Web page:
Most people designing random number generators program using regular code. If they are aiming for speed, they probably write functions in C. However, our processors have fast “vectorized” (or SIMD) instructions that can allow you to go faster. These instructions do several operations at once. For example, recent Skylake-X processors from Intel can do eight … Continue reading Vectorizing random number generators for greater speed: PCG and xorshift128+ (AVX-512 edition)

When shuffling large arrays, how much time can be attributed to random number generation?

It is well known that contemporary computers don’t like to randomly access data in an unpredictible manner in memory. However, not all forms of random accesses are equally harmful. To randomly shuffle an array, the textbook algorithm, often attributed to Knuth, is simple enough: void swap(int[] arr, int i, int j) { int tmp = … Continue reading When shuffling large arrays, how much time can be attributed to random number generation?

Picking distinct numbers at random: benchmarking a brilliant algorithm (JavaScript edition)

Suppose you want to choose m distinct integers at random within some interval ([0,n)). How would you do it quickly? I have a blog post on this topic dating back to 2013. This week I came across Adrian Colyer’s article where he presents a very elegant algorithm to solve this problem, attributed to Floyd by … Continue reading Picking distinct numbers at random: benchmarking a brilliant algorithm (JavaScript edition)

Benchmarking algorithms to visit all values in an array in random order

In an earlier post, I described how to visit all values in an array in a pseudo-random order quite fast. The idea is simple, given an array of size n, pick a value a that is coprime with n. Then for any value of b, you have that (a x + b ) modulo n … Continue reading Benchmarking algorithms to visit all values in an array in random order

Visiting all values in an array exactly once in “random order”

Suppose that you want to visit all values in an array exactly once in “random order”. You could do it by shuffling your array but it requires some extra storage. You want your code to use just a tiny bit of memory, and you want the code to be super fast. You do not want … Continue reading Visiting all values in an array exactly once in “random order”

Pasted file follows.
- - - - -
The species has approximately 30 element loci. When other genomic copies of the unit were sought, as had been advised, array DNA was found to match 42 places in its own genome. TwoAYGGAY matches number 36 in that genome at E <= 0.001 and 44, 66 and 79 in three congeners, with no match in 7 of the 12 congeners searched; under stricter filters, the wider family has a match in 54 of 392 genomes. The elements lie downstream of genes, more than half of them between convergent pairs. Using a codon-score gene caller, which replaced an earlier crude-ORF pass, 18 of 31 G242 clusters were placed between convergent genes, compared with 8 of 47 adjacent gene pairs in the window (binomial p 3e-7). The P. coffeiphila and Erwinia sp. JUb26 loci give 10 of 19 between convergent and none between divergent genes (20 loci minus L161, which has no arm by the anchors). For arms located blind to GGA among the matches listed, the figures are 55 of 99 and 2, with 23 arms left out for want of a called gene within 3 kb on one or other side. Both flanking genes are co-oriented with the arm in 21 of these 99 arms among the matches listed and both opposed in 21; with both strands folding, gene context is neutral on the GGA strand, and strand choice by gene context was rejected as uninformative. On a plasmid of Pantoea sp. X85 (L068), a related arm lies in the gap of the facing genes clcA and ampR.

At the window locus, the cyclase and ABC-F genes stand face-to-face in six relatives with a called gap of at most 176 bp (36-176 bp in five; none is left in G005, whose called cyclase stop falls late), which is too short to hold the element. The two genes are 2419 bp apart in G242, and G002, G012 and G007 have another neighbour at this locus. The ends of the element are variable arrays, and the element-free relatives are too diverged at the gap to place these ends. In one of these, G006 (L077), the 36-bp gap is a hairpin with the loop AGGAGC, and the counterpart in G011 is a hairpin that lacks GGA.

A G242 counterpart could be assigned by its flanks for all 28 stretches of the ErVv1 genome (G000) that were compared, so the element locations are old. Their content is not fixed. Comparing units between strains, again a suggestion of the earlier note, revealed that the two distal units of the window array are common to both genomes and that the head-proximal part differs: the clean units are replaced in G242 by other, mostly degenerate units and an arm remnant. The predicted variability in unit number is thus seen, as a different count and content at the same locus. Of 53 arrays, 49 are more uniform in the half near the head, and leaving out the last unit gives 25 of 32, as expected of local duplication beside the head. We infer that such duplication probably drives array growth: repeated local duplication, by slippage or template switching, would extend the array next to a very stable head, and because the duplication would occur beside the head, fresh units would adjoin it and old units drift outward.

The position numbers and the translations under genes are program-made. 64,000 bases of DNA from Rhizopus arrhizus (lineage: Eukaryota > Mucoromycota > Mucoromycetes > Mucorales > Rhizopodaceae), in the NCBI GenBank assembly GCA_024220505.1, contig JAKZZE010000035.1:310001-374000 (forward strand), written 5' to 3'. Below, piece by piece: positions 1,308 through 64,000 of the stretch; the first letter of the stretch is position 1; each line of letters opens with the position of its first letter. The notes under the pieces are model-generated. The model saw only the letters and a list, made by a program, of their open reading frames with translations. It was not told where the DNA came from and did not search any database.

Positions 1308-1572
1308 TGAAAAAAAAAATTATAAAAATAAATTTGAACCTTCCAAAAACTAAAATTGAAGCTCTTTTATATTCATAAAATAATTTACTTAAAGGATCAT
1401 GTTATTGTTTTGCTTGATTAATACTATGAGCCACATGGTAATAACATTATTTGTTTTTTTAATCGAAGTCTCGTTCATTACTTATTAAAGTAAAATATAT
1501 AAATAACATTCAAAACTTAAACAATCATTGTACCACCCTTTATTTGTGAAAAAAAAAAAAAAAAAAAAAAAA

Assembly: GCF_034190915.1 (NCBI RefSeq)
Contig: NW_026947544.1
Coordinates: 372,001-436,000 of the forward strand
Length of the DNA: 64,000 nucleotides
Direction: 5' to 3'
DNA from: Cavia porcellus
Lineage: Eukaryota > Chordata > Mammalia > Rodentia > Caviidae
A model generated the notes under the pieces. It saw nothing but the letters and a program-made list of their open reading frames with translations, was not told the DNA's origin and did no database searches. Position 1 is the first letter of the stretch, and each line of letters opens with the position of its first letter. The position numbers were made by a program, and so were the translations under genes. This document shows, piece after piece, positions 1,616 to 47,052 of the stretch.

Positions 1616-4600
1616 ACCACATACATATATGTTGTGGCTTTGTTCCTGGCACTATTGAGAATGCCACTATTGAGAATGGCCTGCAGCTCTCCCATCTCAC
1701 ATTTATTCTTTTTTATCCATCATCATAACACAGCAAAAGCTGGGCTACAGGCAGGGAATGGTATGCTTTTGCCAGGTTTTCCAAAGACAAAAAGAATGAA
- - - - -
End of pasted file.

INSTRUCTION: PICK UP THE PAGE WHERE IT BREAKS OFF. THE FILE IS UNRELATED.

The Xorshift1024* random number generator fails BigCrush

In software, we use random number generators to simulate randomness. They take the form of functions which return numbers that appear random. To test their quality, we apply statistical tests. The goal standard is a statical test called BigCrush. It tests that quality of 32-bit random values. In an earlier post, I reported that contrary … Continue reading The Xorshift1024* random number generator fails BigCrush

The Xorshift128+ random number generator fails BigCrush

In software, we generate randomness with algorithms called “pseudo-random number generator”, sometimes simply called “random number generator” or RNG. A popular random number generator is xorshift128+: it is used by many JavaScript engines. It was designed by an influential computer science professor, Sebastiano Vigna, who has done a lot of great work. I suspect that … Continue reading The Xorshift128+ random number generator fails BigCrush

Testing non-cryptographic random number generators: my results

In software, we use random number generators to emulate “randomness” in games, simulations, probabilistic algorithms and so on. There are many definitions of what it means to be random, but in practice, what we do is run statistical tests on the output of the random number generators. These tests are not perfect, because even a … Continue reading Testing non-cryptographic random number generators: my results

“Cracking” random number generators (xoroshiro128+)

In software, we generate random numbers by calling a function called a “random number generator”. Such functions have hidden states, so that repeated calls to the function generate new numbers that appear random. If you know this state, you can predict all future outcomes of the random number generators. O’Neill, a professor at Harvey Mudd … Continue reading “Cracking” random number generators (xoroshiro128+)

On Melissa O’Neill’s PCG random number generator

Computers often need random numbers. Most times, random numbers are not actually random… in the sense that they are the output of a mathematical function that is purely deterministic. And it is not even entirely clear what “really random” would mean. It is not clear that we live in a randomized universe… it seems more … Continue reading On Melissa O’Neill’s PCG random number generator